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For some, getting older is something to be embraced. Others dread it. Each of us looks at it through our own lens, our own memories.
Stew Perram
What's it like to turn eighty? One Calgarian offers a perspective. Photo: supplied by Stew Perram

Dang! The first person to wish me happy eightieth birthday won’t know the emotion invoked. The first thing I’ll silently say after acknowledging the kindness is … dang! Yup, dang, with an exclamation mark! As decade birthday-markers go this one has me by the throat. The previous seven happily celebrated. Number eight does not carry the same joyful weight. The calendar is unrelenting – stuffing minutes days, and years into history. My birthday will arrive too soon.

Growing older prompts musings on a life lived, regrets, choices, and questions; why am I here - do I really exist? Descartes dedicated his philosophical studies to that question and ultimately coined the quote, “I think therefore I am.”

I can still think. I had a ninth-grade school assignment – memorize a poem called Invictus, then present it orally to the class. My buddy Ned and I practiced the assignment slinging lines back and forth like a tennis match while walking to school. This classic poem is engraved forevermore in my brain. I say it aloud often, testing my mental acuity.

 As a teen I didn’t dwell on the poem’s significance, just lines to learn. Now I see more distinctly what Earnest Henley meant. He talks about life and death. The fifteen-year-old me didn’t think he’d be pondering these verses sixty-five years later.

It’s clear now how the profound phraseology touches me, the message about courage gazing upon life’s end, the preservation of one’s dignity despite what the world throws our way.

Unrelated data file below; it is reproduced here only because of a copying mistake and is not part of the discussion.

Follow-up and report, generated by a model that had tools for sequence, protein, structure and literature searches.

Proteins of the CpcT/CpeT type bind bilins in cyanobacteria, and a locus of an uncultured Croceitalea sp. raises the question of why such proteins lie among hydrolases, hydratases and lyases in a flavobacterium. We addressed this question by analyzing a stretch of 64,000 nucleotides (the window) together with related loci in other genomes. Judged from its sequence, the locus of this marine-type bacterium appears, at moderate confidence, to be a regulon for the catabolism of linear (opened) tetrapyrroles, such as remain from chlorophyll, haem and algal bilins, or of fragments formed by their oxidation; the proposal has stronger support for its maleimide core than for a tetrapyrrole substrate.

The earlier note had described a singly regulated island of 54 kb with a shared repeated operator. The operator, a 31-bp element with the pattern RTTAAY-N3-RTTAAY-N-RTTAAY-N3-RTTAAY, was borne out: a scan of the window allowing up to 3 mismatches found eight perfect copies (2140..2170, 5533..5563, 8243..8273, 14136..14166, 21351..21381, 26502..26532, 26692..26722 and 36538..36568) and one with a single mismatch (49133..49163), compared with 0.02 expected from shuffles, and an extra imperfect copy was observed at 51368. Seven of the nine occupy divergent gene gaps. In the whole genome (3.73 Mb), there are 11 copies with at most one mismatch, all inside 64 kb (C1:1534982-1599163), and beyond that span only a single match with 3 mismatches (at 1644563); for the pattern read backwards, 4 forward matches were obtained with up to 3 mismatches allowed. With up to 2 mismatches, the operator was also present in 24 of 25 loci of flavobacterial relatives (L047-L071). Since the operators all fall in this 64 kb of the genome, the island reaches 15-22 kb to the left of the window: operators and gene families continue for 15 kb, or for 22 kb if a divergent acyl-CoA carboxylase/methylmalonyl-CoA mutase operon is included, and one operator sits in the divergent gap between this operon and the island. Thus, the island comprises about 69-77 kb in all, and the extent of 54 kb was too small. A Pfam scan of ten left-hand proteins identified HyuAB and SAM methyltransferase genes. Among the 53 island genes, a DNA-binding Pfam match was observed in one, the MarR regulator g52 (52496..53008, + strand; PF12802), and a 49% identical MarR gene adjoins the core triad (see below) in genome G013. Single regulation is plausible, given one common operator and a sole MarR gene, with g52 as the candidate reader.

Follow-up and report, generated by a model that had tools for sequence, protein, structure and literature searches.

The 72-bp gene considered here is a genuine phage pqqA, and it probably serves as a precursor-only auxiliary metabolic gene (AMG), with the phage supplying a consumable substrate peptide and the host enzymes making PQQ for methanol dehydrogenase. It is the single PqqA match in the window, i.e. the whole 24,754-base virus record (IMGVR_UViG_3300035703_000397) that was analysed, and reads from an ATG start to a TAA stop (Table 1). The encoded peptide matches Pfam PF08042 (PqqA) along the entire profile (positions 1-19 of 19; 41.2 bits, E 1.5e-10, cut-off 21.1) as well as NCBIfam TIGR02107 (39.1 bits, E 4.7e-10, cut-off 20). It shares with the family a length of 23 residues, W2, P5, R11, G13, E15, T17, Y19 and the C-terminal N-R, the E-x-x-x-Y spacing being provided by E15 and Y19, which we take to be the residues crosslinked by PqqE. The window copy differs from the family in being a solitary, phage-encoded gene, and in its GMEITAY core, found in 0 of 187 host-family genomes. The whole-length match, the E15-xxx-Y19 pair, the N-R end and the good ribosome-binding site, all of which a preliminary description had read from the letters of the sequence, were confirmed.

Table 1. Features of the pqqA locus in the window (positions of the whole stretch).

Recently Ned visited. We hadn’t seen each other for sixty years. He looked frail, physically different but inside the same guy. During a meal together I casually uttered the poem’s first line - out of the night that covers me. He smiled, responding quickly with - black is the pit from pole to pole. We took off from there alternately completing the poem, mimicking our daily 1955 school walks. The poem was etched in his brain and this spontaneous happening was like a movie script, truly an emotional moment for us, summing up collective lives in a special way. It was like we’d rehearsed the verses for years leading to this time and place.

I just learned Ned died. I wonder if our final Invictus reciting had a singular meaning at his stage in life.

I wonder too about the line, I thank whatever gods there be, if Mr. Henley had an exclusive God in his life despite the plurality within the prose. Perhaps he hoped there was. His poem carries a message that reminds me in part of Psalm 23 – Yea though I walk through the valley in the shadow of death I fear no evil.

So, as I enter the first year of this novel decade, continuing to traverse the ambiguities of life, I hold in one hand a merciless calendar and in the other hand I firmly hold my chosen singular God who’s all about an eternity of love and mercy.

But in the end, the weak worldly part of me will still say – dang! I’m eighty! But, guess what? I’m going to make the most of each minute, clinging to being the master of my fate and the captain of my soul.

Stew Perram